Tuesday, June 18 2013, 10:55 AM MDT
Box Office: Recommended Films For October 19 to October 25
Recommended films showing in Salt Lake City for the week of October 19-October 25, 2012.
1. Argo (R)
2. Looper (R)
3. Frankenweenie (PG)
4. Seven Psychopaths (R)
5. Pitch Perfect (PG-13)
1. Frankenweenie (PG)
2. ParaNorman (PG)
3. Hotel Transylvania (PG)
4. Here Comes the Boom (PG)
5. Won’t Back Down (PG)
1. The Master (R)
2. The Perks of Being a Wallflower (PG-13)
3. Elena (NR)
4. Searching for Sugar Man (PG-13)
5. How to Survive a Plague (NR)
1.5 out of 5 Stars
Director • Rob Cohen
Starring • Tyler Perry, Matthew Fox and Rachel Nichols
Rated • PG-13
Recommended to • Tyler Perry fans, James Patterson purists that thought Morgan Freeman was too old for the role and glutens for punishment.
Dr. Alex Cross (Tyler Perry), a homicide detective, looks to stop a sadomasochistic killer (Matthew Fox) before he kills again. But how far is Cross willing to go to get his man?
“Alex Cross” is a terrible movie. The script is one purposeless cliché after anther and the tone is so erratic that I’m not sure if the film is supposed to be a comedy that’s not funny or a drama that isn’t serious. Director Rob Cohen (“xXx,” “The Mummy: Tomb of the Dragon Emperor”) has made some incredibly mediocre films, but this is astoundingly bad. The acting is all over the map. Perry does his best with what he’s given, but he hardly comes across as an action star. Fox’s psycho is a wide-eyed sort of crazy that only Gary Oldman and Christopher Walken can get away with (maybe he thought he was in “Seven Psychopaths”). How anyone thought Marc Moss and Kerry Williamson’s script (based very loosely on James Patterson’s novels) was remotely interesting is beyond me. You’d be better off renting either “Along Came a Spider” or “Kiss the Girls” with Morgan Freeman in the role of Alex Cross. If we’re lucky there won’t be a sequel.
4 out of 5 Stars
Director • Andrey Zvyaginstev
Starring • Nadezhda Markina, Andrey Smirnov and Alesey Rozin
Rated • NR
Recommended to • Fans of Russian cinema or those looking for a realistic drama with complex characters and big questions that Hollywood probably wouldn’t dare to make.
Late in her life Elena married Vladimir, a wealthy man in need of a caretaker. Now Elena’s deadbeat son wants his stepfather to share his money with the rest of the family. Vladimir would rather die than give him a cent. Torn between her duties as a mother and as a wife Elena struggles to find a way to move forward without destroying either relationship. Things become all the more complicated when Vladimir’s wayward daughter enter the picture.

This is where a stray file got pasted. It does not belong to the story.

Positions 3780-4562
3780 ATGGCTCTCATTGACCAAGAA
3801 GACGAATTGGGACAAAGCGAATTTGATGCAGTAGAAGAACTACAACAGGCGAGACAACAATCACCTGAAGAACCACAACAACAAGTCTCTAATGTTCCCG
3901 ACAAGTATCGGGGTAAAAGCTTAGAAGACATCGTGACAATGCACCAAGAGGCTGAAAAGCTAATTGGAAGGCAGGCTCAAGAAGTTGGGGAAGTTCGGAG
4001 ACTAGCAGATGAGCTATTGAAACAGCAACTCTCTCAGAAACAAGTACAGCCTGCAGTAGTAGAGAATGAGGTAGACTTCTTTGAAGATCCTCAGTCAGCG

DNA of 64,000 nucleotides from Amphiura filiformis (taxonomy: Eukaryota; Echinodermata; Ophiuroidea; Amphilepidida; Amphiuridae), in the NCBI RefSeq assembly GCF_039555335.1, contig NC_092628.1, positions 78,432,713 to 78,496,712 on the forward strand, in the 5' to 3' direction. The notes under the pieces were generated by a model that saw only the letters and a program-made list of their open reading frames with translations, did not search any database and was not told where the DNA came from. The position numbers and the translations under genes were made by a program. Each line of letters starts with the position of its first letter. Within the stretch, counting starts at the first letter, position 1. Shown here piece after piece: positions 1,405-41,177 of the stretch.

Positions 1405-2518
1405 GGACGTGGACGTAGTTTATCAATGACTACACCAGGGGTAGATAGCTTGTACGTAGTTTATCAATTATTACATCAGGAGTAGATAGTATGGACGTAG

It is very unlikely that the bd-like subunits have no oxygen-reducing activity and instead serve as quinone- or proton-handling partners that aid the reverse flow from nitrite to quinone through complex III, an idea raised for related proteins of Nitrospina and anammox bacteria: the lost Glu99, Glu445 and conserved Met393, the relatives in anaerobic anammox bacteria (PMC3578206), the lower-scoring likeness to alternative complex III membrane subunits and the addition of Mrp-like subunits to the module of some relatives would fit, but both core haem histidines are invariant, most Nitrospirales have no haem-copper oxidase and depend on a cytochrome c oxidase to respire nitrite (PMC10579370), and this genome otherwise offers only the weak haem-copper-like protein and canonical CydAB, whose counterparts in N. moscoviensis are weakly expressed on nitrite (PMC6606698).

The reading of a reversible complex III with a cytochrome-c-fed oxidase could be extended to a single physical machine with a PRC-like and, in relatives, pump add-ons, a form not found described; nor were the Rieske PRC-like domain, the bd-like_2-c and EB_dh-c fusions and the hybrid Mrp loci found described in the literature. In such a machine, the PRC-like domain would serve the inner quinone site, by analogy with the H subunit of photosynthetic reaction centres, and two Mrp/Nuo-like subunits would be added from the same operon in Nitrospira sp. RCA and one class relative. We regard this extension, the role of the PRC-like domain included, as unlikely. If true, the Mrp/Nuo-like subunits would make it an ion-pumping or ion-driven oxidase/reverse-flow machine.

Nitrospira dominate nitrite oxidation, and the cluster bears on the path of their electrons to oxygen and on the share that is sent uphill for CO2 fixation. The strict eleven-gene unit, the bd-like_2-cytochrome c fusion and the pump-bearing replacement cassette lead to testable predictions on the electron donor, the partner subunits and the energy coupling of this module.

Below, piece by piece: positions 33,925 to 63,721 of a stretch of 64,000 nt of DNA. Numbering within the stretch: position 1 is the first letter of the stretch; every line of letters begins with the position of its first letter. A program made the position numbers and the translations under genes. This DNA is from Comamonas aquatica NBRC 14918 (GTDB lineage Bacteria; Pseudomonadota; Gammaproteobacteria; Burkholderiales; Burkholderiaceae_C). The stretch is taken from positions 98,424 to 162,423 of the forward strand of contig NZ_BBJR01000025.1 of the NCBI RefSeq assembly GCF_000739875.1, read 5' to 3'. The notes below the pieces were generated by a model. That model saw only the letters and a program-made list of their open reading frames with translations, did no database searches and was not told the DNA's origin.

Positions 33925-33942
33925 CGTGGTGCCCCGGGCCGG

“Elena” is the sort of film that doesn’t follow the rules. It dares to be original, even if that puts the audience in the awkward position of not knowing whose side they’re on. All of the characters are stubborn and flawed (some more than others), but most of them have legitimate points of view.
How to Survive a Plague
4 out of 5 Stars
Director • David France
Starring • Peter Staley, Larry Kramer and Iris Long
Rated • NR
Recommended to • Anyone with any interest in how groups like ACT UP and TAG helped (and perhaps hindered) to bring medication and treatment to the thousands of men and women infected with HIV and AIDS.
Last year David Weissman and Bill Weber gave us “We Were Here,” a film that explored the impact that AIDS had on the gay community of San Francisco in the early ’80s. It was a film that celebrated the community’s resilience, as the world seemed to abandon them. “How to Survive a Plague” is essentially what happened next. Once AIDS was more or less defined the next step was to find a cure, or at least something that would slow the disease and give those who were infected a better chance of surviving. David France’s film explores the role that activist groups like ACT UP (and later the splinter group TAG) played in bringing medication and treatment to those with AIDS. It’s a rocky journey filled with frustration and anger and when I first saw the film at Sundance earlier this year I left the theater disappointed. I wanted the film to feel triumphant, like “We Were Here” did. Watching the film for the second time I feel differently. There is triumph in the lives that have been extended and the people who helped to make that happen is a story that must be told.
(Copyright 2012 Sinclair Broadcasting Group)